The lowest hanging fruit is of course the injection into the gas main, but I won't dwell on that one. 1. Initially in off grid settings like mine sites. If you get the hydrogen from water then you can use the waste water they have by the bucket loads. This will demonstrate the technology at scale, and it can be used for both power and vehicle fuels 2. Green ammonia for fertiliser production 3. As a replacement for met coal in iron and steel making
What are the main barriers to the use of hydrogen in Australia?
1. Production cost! Everyone knows that hydrogen can do EVERYTHING that coal can do, and much more, but it needs to be out there at $1/kg If it can be produced at this cost (and the only way I see that happening is with photocatalysis and artificial photosynthesis, so the Government should invest $500M right now to accelerate it because electrolysis is not getting down that low for decades...), then things like refuelling stations and vehicle fleet transformation etc etc will follow quickly.
What are some examples where a strategic national approach could lower costs and shorten timelines for developing a clean hydrogen industry?
To get hydrogen to $1/kg, without getting it from gas, the only way I see that happening is with photocatalysis and artificial photosynthesis, so the Government should invest $500M right now to accelerate it because electrolysis is not getting down that low for decades. Electrolysis is a false promise, for all of the reasons that everyone knows, but for some reason no one wants to talk about: 1. There isn't enough power in the system to transform to hydrogen by electrolysis. Around 10x the power is needed, and the whole idea of "free, excess power" to do it is rubbish, and everyone knows it. 2. You need pure water, which is another big cost Photocatalysis needs no power, and with the technologies being developed in Australia with our Japanese friends, we won't even need pure water.
What workforce skills will need to be developed to support a growing clean hydrogen industry?
Think of everything that we have now: diesel mechanics, petrol mechanics, gas power stations, coal power stations, refuelling networks and supply chains, engineers for iron and steel. All of this will be needed, except with hydrogen instead of petrol, diesel, coal and natural gas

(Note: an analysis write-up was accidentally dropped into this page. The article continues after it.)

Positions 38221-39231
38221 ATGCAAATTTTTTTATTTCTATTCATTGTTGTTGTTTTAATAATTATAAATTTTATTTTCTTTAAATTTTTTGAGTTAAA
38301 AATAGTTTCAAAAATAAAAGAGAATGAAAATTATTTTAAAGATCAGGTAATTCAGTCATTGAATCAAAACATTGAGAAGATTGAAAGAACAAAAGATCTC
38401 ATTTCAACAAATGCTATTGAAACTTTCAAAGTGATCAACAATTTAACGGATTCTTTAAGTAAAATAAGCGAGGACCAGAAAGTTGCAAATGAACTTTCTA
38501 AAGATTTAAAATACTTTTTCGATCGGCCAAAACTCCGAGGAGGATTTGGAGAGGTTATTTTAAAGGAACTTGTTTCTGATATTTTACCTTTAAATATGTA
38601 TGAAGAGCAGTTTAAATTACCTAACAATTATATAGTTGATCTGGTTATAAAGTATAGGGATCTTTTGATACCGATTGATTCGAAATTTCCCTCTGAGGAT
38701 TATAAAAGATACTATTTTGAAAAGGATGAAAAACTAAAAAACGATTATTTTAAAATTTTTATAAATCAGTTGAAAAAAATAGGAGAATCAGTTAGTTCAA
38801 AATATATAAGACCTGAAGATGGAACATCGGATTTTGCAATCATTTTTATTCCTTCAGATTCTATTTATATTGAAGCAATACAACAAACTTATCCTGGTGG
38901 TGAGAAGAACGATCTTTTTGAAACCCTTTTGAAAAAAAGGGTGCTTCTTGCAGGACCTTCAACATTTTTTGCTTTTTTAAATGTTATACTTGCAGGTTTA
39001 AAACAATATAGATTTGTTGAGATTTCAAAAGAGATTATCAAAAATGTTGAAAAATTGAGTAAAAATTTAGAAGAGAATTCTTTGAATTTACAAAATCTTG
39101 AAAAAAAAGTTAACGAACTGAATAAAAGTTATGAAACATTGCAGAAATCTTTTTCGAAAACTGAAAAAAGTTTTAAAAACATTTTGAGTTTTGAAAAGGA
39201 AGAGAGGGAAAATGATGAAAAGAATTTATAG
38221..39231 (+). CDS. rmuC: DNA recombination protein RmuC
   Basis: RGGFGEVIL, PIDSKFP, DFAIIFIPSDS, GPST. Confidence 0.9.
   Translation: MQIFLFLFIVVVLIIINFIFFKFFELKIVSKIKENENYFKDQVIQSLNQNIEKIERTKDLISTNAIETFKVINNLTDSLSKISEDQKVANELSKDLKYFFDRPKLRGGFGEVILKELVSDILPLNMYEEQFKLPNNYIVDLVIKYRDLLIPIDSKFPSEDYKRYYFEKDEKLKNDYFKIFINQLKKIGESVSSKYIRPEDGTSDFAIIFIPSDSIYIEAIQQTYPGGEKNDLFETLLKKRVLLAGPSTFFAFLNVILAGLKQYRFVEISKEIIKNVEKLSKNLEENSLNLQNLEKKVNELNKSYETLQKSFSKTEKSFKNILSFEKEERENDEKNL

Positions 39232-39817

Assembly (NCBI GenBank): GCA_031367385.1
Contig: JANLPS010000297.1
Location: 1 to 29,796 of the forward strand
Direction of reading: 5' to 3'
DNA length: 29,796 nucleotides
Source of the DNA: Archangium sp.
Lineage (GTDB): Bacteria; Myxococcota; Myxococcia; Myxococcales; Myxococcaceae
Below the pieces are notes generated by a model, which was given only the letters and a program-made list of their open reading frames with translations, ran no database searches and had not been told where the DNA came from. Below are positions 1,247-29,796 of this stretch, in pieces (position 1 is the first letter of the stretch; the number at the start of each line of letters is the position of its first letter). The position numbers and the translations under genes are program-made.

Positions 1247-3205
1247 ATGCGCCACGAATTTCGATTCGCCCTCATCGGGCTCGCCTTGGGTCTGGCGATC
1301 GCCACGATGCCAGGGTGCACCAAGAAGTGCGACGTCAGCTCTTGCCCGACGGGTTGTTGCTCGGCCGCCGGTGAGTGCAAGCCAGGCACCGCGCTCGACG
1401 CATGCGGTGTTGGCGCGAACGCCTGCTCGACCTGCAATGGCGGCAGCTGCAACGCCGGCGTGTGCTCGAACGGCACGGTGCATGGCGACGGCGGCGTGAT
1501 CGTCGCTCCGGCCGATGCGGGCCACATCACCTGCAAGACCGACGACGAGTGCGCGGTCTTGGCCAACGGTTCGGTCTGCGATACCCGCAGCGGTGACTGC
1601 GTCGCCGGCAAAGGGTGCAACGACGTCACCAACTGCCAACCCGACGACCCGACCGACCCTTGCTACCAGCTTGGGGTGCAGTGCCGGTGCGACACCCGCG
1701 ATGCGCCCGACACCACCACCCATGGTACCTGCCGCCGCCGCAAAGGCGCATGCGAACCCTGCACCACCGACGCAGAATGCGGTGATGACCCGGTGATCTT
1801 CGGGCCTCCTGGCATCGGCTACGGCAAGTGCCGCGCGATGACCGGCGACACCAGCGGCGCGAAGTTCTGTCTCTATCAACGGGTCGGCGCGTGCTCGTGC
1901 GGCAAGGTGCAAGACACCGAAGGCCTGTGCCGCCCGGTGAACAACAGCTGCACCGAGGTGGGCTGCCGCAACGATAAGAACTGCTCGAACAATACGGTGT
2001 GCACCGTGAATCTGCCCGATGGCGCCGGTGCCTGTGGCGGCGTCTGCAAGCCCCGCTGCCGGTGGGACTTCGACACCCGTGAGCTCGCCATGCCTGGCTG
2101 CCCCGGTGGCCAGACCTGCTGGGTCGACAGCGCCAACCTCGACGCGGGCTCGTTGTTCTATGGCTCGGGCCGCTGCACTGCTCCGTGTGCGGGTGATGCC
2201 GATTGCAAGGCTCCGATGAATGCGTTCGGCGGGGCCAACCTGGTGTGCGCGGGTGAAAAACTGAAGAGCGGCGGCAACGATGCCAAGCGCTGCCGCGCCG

What areas in hydrogen research, development and deployment need attention in Australia? Where are the gaps in our knowledge?
One gap in the knowledge is how anyone thinks we are going to get $1/kg hydrogen from electrolysis. Who is saying that we can do that, where do they come from, and where are the independent assessments that this is true? Only photocatalysis can promise to be at that cost in the near future. The Federal Government needs to invest in photocatalysis (as the Japanese have with the ARPChem Consortium), and get on with it!!! At least $200M is needed within the next 2-5 years to accelerate the technology to large scale in the time frame that the IPCC and Paris Agreements say.
Do you have any other comments or submissions to this process?
Picture this. An open pit or underground mine in Australia, Africa or the Middle East ten years from now. All day every day salty water is pumped out to keep it dry because mining is below the groundwater table. Ten years ago (that’s now!), this waste water was a cost and a nuisance to the mine operators because it was hard to dispose of. The mine’s energy needs (40 MWe of electricity for activities such as rock comminution and ventilation, plus fuel to run light vehicles, medium sized machinery and large 200t dump trucks) are supplied by hydrogen, and the hydrogen comes from the waste water that used to be a problematic waste stream. The salty groundwater becomes a feedstock that supplies all the energy needs in the mine, using only sunlight and a non-consumed catalyst. What’s more, the hydrogen is produced using a technology that needs no power or heat and doesn’t even need pure water. This mine becomes the exemplar that sees (over the following 10 years) sea water and photocatalysis hydrogen facilities across the globe helping transform the global energy mix.